A basement makeover after superstorm Sandy
When Joysetta and Julius Pearse, 75 and 79, respectively, went to bed in their Freeport home the evening of superstorm Sandy, their basement was dry. By the next day, 4 feet of water had destroyed antiques, vintage records, antique cameras and recording equipment, and years of genealogical research. The couple, which founded the African-Atlantic Genealogical Society, lost decades of records. "It was our downstairs office," says Joysetta, who is executive director of the Genealogical Society.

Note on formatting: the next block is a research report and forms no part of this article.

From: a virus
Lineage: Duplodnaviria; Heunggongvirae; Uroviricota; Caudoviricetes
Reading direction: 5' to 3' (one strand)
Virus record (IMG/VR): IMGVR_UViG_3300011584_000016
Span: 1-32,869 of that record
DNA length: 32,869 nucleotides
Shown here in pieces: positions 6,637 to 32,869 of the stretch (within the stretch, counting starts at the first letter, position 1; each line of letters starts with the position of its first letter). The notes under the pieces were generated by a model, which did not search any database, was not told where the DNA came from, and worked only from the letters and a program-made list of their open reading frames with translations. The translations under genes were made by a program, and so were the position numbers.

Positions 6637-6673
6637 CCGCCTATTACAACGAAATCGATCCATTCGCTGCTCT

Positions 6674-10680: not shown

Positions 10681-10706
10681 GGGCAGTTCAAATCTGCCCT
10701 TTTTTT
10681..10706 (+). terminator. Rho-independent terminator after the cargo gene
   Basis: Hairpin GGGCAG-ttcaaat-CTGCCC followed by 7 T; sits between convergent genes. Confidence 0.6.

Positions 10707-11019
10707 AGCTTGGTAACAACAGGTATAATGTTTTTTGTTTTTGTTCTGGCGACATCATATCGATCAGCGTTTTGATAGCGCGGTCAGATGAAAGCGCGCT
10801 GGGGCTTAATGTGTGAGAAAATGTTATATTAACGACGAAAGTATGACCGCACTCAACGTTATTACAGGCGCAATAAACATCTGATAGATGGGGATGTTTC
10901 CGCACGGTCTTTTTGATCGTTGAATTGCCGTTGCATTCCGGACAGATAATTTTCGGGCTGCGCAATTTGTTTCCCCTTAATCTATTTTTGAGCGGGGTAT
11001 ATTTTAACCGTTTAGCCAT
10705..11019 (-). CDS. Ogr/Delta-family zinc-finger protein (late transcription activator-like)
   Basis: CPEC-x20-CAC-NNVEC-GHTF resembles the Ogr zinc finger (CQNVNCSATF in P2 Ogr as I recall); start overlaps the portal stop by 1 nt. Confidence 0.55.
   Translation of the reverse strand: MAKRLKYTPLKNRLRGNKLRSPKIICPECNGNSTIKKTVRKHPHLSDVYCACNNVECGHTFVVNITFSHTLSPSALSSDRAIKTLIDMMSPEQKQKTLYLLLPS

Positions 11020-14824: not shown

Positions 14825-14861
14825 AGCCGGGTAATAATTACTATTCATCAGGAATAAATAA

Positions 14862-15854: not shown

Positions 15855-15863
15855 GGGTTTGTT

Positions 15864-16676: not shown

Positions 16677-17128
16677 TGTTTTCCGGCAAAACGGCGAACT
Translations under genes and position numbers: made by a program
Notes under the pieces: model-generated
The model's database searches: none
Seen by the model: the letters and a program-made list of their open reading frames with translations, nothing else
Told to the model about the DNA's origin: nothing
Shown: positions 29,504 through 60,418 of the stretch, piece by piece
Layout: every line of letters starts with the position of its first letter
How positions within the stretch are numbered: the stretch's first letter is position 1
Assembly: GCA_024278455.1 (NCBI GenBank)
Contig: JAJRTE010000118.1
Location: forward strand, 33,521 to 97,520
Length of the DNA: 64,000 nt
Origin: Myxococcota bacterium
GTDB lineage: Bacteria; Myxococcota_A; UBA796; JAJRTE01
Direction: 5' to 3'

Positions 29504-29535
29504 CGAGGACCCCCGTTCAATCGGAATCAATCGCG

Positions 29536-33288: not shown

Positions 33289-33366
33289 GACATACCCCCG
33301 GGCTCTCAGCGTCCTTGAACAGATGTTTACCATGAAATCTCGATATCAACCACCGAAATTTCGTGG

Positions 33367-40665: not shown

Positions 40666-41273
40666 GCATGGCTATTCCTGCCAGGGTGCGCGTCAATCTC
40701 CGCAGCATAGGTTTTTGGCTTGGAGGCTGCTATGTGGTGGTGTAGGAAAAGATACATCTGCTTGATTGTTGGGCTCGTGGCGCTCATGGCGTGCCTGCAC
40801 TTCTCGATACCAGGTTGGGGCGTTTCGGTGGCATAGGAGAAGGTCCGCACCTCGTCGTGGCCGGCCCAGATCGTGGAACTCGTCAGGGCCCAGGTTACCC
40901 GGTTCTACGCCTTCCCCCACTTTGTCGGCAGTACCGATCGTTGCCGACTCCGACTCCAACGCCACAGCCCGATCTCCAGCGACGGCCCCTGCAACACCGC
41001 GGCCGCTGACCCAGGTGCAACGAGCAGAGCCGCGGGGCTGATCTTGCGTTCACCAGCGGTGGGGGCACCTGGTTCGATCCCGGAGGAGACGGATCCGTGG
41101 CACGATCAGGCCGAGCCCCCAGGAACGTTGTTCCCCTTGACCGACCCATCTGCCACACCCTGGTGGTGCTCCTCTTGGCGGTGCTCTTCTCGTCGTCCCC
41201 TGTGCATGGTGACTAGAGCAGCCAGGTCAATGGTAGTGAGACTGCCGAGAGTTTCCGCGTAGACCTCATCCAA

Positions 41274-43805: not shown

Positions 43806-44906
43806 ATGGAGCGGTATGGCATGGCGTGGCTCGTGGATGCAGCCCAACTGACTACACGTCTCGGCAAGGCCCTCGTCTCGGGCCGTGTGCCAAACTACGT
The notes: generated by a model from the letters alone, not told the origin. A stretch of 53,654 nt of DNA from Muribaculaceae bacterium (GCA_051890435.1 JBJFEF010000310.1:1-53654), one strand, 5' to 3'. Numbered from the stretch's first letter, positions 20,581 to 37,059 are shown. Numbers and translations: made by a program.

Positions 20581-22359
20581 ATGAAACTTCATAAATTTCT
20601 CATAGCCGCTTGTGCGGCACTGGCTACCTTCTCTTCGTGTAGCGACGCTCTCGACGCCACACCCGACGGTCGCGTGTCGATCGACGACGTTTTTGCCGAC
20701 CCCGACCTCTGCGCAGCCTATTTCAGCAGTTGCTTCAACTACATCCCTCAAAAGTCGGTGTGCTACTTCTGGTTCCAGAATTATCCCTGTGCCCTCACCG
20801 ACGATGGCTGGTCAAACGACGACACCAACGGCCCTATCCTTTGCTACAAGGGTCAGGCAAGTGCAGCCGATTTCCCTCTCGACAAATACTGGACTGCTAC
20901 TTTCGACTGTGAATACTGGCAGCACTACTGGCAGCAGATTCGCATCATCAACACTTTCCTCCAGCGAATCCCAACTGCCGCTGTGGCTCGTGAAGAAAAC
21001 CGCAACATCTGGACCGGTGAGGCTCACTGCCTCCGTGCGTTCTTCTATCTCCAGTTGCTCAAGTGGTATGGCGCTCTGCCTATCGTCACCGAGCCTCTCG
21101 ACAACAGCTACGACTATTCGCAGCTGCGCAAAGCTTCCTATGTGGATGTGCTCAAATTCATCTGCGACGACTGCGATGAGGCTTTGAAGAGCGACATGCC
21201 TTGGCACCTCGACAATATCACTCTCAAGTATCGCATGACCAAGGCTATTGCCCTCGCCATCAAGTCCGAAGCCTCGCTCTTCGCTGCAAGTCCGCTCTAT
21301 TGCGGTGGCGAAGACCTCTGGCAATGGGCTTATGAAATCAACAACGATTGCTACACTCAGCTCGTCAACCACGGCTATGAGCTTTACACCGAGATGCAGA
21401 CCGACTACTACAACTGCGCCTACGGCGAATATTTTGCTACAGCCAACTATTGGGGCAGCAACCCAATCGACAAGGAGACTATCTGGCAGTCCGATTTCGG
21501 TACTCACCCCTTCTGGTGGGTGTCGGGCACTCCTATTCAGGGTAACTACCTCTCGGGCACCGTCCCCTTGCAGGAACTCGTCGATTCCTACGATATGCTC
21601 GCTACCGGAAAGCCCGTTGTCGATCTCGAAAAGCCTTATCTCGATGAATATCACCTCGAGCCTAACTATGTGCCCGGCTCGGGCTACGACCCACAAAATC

After such devastation, the two decided to redo the room as a combination office and sitting room. "I really wanted a place where we could work, relax and review the day," says Joysetta, whose genealogy organization is now overseeing the African American Museum and Center for Education and Applied Arts in Hempstead. This time around, they're not using the area for storage. Adds Julius: "Now, we have a real archival den where we can do historical searches and a place for me to write my book." Total: $27,187 -- Sylvia E. King-Cohen